Can you see what I see?: Eyeball (1975)

Giallos are a great diversion. During their heyday, I believe there was nothing better, a crime or mystery thriller with sex and horror thrown into the mix. My favorite Giallo is Murder Mansion (1971), but Eyeball has a charm all its own! What a great title and poster.  A red cloaked killer stealing the eyeballs of their victims on a euro tour. Yep, that’s fun.
 
We join a group of Americans on a euro tour in Spain. We get the usual group of deviants which include a sleazy husband Mark (John Richardson) hooking up with his secretary, Paulette (Martine Brochard), a priest (Georges Rigaud of Horror Express), and the requisite lesbian couple (Mirta Miller and Ines Pellegrini) among others.
Mark is in love with Paulette. His wife has been ill for some time and all they do is fight. Paulette doesn’t want to be the “other woman” (who does?), and is a little stand offish with Paul when he shows up in Spain to see her. This doesn’t go unnoticed by others in the group as they are all from Burlington. The secret is out!
After the group is detained by the murder of one of the models, Paul calls the hospital where his wife Alma (Marta May), is supposed to be only to find that she never checked in. Paul switches into stalker mode, determined to find his wife and we soon learn that it’s not to dump her. It turns out that Alma, was found at the scene of an earlier crime with blade and eyeball in hand. Yes, I know, too easy.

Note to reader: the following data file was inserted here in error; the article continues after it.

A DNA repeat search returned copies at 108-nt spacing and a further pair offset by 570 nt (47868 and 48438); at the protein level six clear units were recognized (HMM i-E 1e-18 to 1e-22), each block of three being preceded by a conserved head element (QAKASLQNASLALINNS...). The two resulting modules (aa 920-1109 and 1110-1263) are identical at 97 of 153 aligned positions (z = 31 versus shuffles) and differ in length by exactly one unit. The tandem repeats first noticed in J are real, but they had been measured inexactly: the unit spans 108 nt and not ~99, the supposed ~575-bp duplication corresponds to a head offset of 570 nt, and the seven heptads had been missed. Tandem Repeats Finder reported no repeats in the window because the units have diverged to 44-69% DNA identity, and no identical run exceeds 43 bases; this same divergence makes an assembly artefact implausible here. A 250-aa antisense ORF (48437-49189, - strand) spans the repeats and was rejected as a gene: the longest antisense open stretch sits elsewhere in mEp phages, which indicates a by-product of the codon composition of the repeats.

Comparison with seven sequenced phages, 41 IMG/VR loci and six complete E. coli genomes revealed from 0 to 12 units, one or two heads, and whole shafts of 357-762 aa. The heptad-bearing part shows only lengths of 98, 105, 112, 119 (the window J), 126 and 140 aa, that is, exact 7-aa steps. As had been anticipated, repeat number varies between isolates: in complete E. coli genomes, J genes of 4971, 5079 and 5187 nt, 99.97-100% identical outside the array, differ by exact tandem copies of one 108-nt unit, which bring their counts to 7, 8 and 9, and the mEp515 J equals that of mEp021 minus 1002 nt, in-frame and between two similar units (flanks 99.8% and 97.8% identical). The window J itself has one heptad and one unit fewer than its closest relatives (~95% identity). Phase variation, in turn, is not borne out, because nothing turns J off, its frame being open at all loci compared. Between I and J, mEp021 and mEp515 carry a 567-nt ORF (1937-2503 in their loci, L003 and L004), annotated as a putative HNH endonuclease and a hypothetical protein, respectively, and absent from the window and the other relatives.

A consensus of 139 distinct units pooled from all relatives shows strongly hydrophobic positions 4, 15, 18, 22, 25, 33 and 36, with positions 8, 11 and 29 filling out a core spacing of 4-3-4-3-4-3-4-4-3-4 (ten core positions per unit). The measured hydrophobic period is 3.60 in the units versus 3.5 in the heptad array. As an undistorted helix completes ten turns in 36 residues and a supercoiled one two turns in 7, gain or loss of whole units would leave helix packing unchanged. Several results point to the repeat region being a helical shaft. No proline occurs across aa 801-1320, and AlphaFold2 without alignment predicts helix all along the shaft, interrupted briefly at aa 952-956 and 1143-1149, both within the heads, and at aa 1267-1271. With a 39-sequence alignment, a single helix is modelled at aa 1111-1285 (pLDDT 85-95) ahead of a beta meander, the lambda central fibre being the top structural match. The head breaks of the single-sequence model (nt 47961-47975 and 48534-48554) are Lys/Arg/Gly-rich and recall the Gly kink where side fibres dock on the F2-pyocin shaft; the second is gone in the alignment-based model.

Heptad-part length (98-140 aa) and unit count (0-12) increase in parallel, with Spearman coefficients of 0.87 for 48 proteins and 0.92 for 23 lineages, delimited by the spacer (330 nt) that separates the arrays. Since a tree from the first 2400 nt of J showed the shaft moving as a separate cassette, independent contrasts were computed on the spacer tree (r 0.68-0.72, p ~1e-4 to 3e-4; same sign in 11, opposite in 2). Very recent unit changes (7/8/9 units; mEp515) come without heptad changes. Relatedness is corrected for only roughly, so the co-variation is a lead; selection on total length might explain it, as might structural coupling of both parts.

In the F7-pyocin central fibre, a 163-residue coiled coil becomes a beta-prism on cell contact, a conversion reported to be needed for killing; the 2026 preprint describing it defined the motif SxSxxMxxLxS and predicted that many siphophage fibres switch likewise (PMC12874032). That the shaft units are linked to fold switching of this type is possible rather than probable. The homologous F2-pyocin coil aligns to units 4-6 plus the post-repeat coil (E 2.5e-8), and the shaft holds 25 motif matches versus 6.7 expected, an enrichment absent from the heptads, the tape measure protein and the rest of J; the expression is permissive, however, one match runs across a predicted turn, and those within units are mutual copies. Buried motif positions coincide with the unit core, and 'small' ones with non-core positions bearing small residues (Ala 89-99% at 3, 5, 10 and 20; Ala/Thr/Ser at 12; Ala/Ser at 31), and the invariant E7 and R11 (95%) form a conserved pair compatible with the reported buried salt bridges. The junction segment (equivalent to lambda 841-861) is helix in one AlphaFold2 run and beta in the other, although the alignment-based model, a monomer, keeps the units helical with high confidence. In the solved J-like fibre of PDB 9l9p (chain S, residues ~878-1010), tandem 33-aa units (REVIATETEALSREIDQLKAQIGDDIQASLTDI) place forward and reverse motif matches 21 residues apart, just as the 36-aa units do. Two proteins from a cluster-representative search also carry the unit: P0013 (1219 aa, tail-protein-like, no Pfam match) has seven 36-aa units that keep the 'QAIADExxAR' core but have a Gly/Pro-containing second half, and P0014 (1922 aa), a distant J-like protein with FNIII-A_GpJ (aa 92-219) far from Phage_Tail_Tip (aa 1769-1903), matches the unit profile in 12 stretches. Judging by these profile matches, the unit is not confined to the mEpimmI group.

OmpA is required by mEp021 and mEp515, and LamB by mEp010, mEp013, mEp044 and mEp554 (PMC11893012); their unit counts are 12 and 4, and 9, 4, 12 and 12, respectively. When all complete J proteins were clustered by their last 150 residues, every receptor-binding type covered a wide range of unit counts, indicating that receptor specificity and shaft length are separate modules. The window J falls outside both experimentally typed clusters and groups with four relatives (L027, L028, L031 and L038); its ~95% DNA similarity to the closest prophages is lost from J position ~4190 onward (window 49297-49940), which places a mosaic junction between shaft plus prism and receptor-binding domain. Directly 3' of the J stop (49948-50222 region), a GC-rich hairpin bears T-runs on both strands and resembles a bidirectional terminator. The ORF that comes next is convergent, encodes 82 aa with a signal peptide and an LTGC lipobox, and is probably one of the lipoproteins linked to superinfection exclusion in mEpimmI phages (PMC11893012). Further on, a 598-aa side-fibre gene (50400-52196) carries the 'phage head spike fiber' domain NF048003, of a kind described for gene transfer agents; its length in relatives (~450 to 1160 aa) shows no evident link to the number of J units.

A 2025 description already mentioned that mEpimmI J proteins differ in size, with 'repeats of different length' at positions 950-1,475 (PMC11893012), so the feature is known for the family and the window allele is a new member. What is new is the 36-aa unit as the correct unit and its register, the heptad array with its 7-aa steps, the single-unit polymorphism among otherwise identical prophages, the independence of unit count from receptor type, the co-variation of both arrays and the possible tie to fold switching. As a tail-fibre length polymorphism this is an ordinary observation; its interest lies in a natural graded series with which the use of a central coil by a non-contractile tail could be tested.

As tourists and townies are knocked off, it is clean that the killer may be among them as the red parka worn by the killer matches the ones handed out to the tour group. It’s all not quite what it seems and that’s one of the great things about Giallo films. Everyone and anyone is a suspect and for good reason. Everyone is a little shiesty.
Umberto Lenzi crafted a thriller that is more style over substance but in this case I feel it works due to the subject matter. The killer’s M.O. is enticing, and we follow the plot for what it’s worth, after all, these are the most unlikable people in Spain. One of the tricks that Lenzi uses in this film is the tour motif. The scenery is always changing; keeping us interested visually in this crazy story. It’s a slasher before it’s time and a fun mystery that may keep you guessing. Check out Eyeball if you get the chance.